Earlier this week I sat in a professional development class with teachers from across my district. One of the best things about this sort of event is getting to spend time with other teachers talking about our classrooms and our practice. My elbow partners were a good friend from my own school and an elementary teacher who is one of the most intentionally positive people I’ve ever met. Of course there was the obligatory “ice breaker” where we paired and shared bits about ourselves both professionally and personally. For the “something I like to do for leisure” response, Jacke smiled and said “I like to clean and I’m really good at it.” She laughingly admitted that she might be a little obsessive/compulsive about it, but that cleaning gave her a sense of control. “Of course,"she added “my kids at school make a pretty big mess of the classroom. Sometimes it bugs me, but hey, it’s not my room, it’s theirs.”
I’ve thought a lot about who classrooms and schools belong to in the last week of so. I thought about that each morning when my seventh graders, who are working on a project walked into the room, got out their supplies and quietly and efficiently took care of business until it was time to clean up.The classroom was their workplace and I was there as an on-site consultant and that’s about as good as teaching can get. Good teachers know that the classrooms belong to the students who populate them because the children have taken ownership of their own learning.
Because I live in the shadow of Washington, D.C. I’ve thought a lot about how of the current problems in DC schools is about power struggles among adults who ought to know better. There’s a mess in too many of the classrooms of DC schools; but the kids didn’t make it. It’s a mess made by grownups who can’t seem to move beyond power struggles that continue to spin out of control, creating a vacuum that sucks the life out of everyone involved and leaving lost opportunities. Like Thing One and Thing Two, the grown ups dabble in this and that and then whoosh out the door leaving the kids behind amid the mess.
Michelle Rhee, who has been chancellor for just over two years is determined to fix D.C. schools. She is a firm believer in the importance of the classroom teacher and has made it clear that she’ll do whatever she has to improve the quality of education in a system that is heartbreakingly dysfunctional and that is laudable. But as she closes schools, and fires principals and teachers her decision making process lacks transparency; she displays a tendency to be dismissive of any dissenting opinions; and she often seems unnecessarily rude and almost intentionally combative.
The Washington Teacher’s Union maintains that its members have been committed to student learning in DC schools for a long time and that Rhee has an agenda of removing career teachers and replacing them with Teach for America and New Teacher Project short termers who are true believers of her philosophy and bargains at the bottom of the salary scale. They point out that the years and layers of administrative problems in DC schools were not of their making. They argue that there has always been a procedure in place for dismissing incompetent teachers but administrators were negligent in implement those policies. They question why Rhee invested in an extensive new IMPACT teacher evaluation tool but dismissed teachers without any clear criteria. While WTU makes no apology for the making the welfare of its members their priority, the interests of members are poorly served by protecting incompetency. At the same time, there have been too many instances where union representatives have protected adults at the expense of children and have been distracted from their professional responsibilities by political gamesmanship.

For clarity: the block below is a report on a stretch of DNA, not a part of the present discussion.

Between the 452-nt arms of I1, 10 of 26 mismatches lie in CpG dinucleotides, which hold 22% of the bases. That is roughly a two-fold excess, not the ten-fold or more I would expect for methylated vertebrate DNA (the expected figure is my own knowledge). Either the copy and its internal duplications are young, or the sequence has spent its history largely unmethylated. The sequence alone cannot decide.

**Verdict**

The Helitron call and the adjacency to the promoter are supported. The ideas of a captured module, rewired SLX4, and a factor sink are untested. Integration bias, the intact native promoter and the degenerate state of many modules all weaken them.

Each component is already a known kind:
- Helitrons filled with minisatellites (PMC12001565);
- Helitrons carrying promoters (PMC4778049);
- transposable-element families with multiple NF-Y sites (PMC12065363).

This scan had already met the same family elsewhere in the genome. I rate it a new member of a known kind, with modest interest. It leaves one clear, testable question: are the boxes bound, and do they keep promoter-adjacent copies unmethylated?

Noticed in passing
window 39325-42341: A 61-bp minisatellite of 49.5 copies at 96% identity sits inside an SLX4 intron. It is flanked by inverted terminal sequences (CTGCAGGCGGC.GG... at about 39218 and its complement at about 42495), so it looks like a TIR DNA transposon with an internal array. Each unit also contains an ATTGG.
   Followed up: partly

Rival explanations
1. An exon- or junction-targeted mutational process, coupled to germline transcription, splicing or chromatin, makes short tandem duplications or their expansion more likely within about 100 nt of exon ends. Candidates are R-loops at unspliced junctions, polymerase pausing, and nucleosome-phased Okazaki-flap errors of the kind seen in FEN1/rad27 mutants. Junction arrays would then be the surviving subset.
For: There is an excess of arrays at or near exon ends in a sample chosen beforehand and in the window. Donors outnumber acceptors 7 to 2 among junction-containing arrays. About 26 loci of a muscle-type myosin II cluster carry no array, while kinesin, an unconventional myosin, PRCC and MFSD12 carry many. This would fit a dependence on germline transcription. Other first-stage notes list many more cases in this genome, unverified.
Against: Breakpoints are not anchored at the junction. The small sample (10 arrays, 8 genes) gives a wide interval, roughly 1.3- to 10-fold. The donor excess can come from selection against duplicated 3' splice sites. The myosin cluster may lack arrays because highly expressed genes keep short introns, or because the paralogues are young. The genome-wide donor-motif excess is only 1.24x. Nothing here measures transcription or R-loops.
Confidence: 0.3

I’m not so naive as to think the chancellor and the union are going to walk hand in hand into the sunset, but they should be allies. They do, after all, share a common goal of education children and they both risk loss of face and control through lack of cooperation that results in student progress. Instead there is accusation, disparagement, disrespect, disruption, disillusionment, and damaged lives. . I don’t pretend to know whether the DC budget crisis was contrived; if the teachers who were dismissed were removed with good reason; if the WTU is being obtuse; if Chancellor is acting in good faith; or if the City Council and the mayor are manipulating the situation. But I do know this much, McKinley High School students have learned some rather disturbing lessons this week:
“You always hear stories about how dirty politics is. Now I have some personal experience.”
“It just seems like everybody was trying to make themselves look better.”
“The more you get into power, the less you take responsibility for your actions.”
“Im tired of always being somebody’s pawn or guinea pig.”
Maybe the policymakers could use a little professional development lesson.
“Hey, it’s not your classroom, it’s theirs.”
The opinions expressed in A Place at the Table are strictly those of the author(s) and do not reflect the opinions or endorsement of Editorial Projects in Education, or any of its publications.